The councillors only knew it was arriving sometime..... with the expectation that, as a Mayoral Minute, it would not introduce,  without notice, matters that were routine nor would it introduce,  without notice, non-urgent matters or any matters that might require research or a lot of consideration by councillors before coming to a decision.

Little did they realise that they would be given a 15 page document with 6412 words and only 15 minutes to read it.

When the Mayoral Report was introduced (Timestamp at 3:05:25 on Live streaming archive video Mayor Innes said to her fellow councillors "I hope you have all had an opportunity during our fifteen minute break to have a read and to have a consider of what was put forward in the Mayoral Notice of Motion"

A comment from Councillor Anthony Mayne revealed the lack of time perfectly when he stated he had had no time to read the report at all.  "I apologise ... I did not get my fifteen minutes"...

Fifteen minutes to read fifteen pages with 6412 words ?

(Note: The average adult reading speed is 300 words per minute - the reading speed of our Councillors is unknown but it is doubtful that any of them could have read it properly in less than 20 minutes)

A class action Code of Conduct has now been raised against the Mayor for her Mayoral Minute that did in fact introduce routine, non-urgent items and also introduced, without notice, matters that might require research or a lot of consideration by councillors before coming to a decision.

Some key points and issues, in relation to the inappropriateness of the mayoral minute are as follows.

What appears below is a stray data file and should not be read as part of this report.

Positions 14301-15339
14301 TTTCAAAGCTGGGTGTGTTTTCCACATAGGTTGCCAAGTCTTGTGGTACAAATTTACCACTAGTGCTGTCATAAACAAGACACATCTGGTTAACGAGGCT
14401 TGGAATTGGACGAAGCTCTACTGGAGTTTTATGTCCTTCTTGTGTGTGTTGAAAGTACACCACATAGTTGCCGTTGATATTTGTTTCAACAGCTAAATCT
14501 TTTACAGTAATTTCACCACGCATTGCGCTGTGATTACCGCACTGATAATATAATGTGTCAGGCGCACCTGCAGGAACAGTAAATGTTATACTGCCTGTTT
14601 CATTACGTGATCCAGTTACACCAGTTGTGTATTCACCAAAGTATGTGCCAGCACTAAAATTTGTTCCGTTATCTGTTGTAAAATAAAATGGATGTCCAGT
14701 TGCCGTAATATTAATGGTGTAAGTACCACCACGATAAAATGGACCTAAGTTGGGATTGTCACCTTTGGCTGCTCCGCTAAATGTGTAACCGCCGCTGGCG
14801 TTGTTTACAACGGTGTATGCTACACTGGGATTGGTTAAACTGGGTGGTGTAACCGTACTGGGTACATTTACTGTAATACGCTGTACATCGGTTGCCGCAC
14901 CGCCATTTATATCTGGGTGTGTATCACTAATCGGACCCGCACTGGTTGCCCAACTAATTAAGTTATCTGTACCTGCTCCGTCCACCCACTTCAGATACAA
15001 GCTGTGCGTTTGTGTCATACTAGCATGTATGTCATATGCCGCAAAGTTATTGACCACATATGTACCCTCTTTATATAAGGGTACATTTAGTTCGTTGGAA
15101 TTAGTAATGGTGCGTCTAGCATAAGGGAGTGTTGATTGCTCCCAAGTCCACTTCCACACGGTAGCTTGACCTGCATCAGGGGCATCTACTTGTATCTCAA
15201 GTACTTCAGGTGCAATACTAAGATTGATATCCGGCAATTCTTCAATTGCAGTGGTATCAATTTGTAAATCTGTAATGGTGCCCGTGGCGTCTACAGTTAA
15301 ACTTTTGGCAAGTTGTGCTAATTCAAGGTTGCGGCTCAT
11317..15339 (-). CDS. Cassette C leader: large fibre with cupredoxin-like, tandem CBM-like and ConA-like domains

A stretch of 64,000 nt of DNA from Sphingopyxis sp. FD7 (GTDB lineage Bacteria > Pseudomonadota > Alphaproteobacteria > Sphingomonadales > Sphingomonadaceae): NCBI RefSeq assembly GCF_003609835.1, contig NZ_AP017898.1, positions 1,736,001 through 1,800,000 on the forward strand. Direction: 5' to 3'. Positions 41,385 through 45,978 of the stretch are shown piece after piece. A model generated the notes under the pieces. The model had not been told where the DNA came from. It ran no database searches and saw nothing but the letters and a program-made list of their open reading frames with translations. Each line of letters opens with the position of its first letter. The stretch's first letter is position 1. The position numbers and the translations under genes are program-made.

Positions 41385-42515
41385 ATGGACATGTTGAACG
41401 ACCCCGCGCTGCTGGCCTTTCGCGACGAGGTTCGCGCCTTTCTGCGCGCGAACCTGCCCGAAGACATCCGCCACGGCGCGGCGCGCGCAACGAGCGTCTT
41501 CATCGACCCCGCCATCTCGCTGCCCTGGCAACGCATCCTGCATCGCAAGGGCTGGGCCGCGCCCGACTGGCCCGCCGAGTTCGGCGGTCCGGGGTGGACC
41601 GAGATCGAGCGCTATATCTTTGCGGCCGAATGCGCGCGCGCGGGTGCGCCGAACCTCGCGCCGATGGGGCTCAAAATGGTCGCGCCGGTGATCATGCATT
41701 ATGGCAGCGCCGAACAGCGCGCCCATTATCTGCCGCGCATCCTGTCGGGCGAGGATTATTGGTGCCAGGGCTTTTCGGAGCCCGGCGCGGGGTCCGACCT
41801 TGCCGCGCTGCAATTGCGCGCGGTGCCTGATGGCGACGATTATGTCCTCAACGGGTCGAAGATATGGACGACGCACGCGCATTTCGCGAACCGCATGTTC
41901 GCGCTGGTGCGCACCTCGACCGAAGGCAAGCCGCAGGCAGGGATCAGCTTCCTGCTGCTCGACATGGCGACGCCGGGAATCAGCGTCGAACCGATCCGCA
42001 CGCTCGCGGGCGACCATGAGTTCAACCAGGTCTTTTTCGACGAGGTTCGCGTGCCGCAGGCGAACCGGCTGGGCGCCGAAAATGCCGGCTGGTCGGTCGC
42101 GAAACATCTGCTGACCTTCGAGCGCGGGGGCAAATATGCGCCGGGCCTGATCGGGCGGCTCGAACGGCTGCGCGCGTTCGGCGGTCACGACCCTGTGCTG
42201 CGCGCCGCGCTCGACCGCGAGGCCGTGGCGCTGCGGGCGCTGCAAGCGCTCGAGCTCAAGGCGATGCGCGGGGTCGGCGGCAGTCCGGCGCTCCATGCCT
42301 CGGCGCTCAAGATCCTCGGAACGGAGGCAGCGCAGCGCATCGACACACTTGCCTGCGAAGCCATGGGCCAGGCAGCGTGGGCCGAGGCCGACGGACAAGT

(1)  Part 2.7.1 of OLG's 'Meetings Practice Note -August 2009' says that mayoral minutes should not be used to introduce, without notice, matters that are:

"not urgent,

or need research or a lot of consideration by the councillors before coming to a decision."

There does not appear, in the opinion of those who have now had time to read it, that there is anything in the mayoral minute that was of such urgency that would not have reasonably allowed for the matters to have been deferred until the next (or even a later) council meeting.

The Mayor does however make an apology in her Mayoral Minute preamble saying that it wasn't in the agenda however "not withstanding the announcement that was made last night by the NSW Premier Gladys Berejiklian this IS AN OPPORTUNE TIME at this Council meeting to progress things and move things forward."

"Opportune time" does not equal URGENT.

The matter in the Mayoral Minute that clearly deserved more than fifteen minutes notice for proper consideration by councillors and the probable impact to the community being:

- Support the inclusion of a 25m by 10 lane lap pool.

Councillor McGinlay, with genuine concern during debate, bought up a question around this point and the point that the Mayoral Minute would bring an inevitable cessation of any further discussion with community groups over the inclusion of a 50m pool.

Councillor Mayne also reiterated his concerns of the Confirmation of the Otium Option 1 Concept plan as possibly thwarting further discussion regarding the capacity of performance space being set at 450 to 500.